The Dutchman also stated that Rafa Benitez came in ‘too late’ to save us from the drop, criticising McClaren for not being loud enough – suggesting that he didn’t show enough authority and had a ‘lot of things missing’ as a manager, despite being a ‘great guy’ and a ‘good coach’.
Here’s what the right-back said when speaking to Dutch outlet AD during his spell away with Holland on international duty:
“(He is) a great guy, a good coach on the pitch, but as a manager there were a lot of things missing”
“He could have been louder, and more able to make his mark on certain things.
“(He is) an excellent coach on the pitch, who happens to be a manager.”
He then said the following when asked about his successor, Rafa Benitez:
“A good manager, who came in too late to save Newcastle”
This says a lot about why we struggled under McClaren.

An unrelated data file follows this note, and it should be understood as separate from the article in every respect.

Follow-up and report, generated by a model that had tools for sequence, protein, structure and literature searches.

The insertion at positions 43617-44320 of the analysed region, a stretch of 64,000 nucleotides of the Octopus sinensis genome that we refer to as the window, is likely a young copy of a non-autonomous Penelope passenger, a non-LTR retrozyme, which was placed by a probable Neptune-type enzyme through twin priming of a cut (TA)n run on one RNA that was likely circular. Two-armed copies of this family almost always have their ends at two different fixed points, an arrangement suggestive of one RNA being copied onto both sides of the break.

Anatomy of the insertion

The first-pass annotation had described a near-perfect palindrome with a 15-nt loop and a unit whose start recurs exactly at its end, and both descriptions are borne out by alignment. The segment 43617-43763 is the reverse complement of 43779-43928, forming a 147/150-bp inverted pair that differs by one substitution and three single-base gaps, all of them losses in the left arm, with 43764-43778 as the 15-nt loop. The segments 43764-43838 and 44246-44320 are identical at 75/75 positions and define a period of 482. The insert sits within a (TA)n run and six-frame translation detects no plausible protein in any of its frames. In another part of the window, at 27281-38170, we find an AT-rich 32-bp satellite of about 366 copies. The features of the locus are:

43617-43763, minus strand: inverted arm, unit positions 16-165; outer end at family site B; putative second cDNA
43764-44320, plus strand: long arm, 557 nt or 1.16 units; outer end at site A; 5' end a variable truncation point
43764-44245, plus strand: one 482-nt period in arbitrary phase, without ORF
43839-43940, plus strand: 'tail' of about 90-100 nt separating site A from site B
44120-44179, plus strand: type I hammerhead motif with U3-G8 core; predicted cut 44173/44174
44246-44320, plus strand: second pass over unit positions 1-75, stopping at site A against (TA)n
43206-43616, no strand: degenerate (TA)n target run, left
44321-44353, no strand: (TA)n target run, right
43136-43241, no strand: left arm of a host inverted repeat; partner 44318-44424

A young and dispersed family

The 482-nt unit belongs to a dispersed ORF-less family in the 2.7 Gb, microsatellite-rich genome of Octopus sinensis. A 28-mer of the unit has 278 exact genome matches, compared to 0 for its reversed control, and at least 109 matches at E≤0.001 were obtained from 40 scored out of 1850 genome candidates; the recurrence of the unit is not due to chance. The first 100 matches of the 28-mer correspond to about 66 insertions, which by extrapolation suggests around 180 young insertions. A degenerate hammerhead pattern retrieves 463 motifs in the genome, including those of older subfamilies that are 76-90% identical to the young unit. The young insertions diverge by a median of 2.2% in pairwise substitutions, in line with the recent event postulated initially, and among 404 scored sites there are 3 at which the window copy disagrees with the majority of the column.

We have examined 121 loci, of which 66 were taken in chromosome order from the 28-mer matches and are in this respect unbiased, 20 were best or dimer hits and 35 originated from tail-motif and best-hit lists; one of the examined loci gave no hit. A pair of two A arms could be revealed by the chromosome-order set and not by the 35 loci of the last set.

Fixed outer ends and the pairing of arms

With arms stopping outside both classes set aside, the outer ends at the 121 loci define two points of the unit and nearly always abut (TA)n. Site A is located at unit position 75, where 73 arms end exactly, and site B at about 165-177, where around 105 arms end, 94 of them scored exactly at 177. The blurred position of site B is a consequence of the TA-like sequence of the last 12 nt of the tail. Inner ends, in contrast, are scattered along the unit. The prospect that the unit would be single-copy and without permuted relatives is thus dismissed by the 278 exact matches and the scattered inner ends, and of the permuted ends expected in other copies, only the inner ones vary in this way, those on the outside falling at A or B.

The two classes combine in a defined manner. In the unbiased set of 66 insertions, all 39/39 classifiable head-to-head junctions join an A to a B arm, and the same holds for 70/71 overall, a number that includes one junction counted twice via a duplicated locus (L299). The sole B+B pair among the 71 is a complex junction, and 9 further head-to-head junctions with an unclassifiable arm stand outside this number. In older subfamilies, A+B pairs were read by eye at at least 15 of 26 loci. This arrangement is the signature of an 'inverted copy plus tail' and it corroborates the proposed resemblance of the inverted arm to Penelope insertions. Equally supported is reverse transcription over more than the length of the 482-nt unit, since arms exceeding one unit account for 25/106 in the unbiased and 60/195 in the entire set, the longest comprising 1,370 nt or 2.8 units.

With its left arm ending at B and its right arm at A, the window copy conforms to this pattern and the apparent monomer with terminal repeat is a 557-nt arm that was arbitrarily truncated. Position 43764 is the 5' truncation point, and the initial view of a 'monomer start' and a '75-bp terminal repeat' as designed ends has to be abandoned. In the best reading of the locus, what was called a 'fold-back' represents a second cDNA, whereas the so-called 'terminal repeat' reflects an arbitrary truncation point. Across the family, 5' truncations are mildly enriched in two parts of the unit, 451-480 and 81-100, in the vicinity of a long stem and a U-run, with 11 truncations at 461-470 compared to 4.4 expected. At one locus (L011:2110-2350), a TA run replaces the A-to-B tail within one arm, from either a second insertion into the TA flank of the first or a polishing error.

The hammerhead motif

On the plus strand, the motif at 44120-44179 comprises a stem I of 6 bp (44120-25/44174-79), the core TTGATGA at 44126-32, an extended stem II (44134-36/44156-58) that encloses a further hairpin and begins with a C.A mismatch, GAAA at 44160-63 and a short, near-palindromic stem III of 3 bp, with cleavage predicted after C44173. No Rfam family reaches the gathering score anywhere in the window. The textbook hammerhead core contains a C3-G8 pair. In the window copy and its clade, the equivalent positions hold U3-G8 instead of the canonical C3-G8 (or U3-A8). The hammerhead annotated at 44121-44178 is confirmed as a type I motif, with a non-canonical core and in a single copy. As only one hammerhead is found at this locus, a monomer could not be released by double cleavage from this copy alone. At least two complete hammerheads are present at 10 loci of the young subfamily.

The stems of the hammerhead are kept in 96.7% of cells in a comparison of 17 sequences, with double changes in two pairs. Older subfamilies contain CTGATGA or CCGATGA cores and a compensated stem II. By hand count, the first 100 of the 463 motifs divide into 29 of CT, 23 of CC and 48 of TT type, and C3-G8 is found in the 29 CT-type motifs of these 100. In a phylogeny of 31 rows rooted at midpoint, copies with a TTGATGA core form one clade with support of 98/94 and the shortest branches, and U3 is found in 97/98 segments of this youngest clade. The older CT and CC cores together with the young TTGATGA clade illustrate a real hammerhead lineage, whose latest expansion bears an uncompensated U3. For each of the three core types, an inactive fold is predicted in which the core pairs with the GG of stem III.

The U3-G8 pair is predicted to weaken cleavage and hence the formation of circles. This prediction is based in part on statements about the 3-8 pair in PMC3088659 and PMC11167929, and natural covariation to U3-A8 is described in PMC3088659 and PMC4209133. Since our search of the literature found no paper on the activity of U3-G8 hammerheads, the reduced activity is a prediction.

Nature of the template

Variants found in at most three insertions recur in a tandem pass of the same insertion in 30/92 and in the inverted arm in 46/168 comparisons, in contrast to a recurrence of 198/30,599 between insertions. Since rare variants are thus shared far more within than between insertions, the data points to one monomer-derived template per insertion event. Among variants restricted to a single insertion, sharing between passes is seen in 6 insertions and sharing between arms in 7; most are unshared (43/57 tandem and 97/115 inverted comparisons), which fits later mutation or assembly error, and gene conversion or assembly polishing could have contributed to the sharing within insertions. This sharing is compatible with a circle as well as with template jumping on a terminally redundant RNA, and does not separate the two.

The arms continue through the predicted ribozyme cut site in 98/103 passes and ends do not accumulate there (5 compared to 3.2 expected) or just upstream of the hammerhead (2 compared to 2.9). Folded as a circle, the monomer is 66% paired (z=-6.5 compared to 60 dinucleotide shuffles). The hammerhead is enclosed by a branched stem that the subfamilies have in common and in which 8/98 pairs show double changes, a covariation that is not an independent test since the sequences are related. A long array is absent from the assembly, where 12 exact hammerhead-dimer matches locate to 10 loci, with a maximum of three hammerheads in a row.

We had a lot of players whose attitude and commitment to the club was questionable at the time (Sissoko, Coloccini, Wijnaldum and Janmaant himself), and that required a strong manager; something McClaren was clearly not.
He came in and attempted to get us playing good football, but he quickly abandoned that attacking and passing style after a few shaky results. How can the players buy into his philosophy if the manager himself doesn’t seem to have faith in it?
Not only that, he looked lost, defeatist and absolutely all over the place in times of struggle. He’d exude anything but confidence from the sidelines, often looking in a state of panic or total confusion, yet post-game he’d be painfully jovial and full of smiles in defeat.
As Janmaat says, Rafa really did come in too late to save us that season. There was plenty other deep-rooted issues around at Newcastle at the time (and there still is), but McClaren’s damage was already done.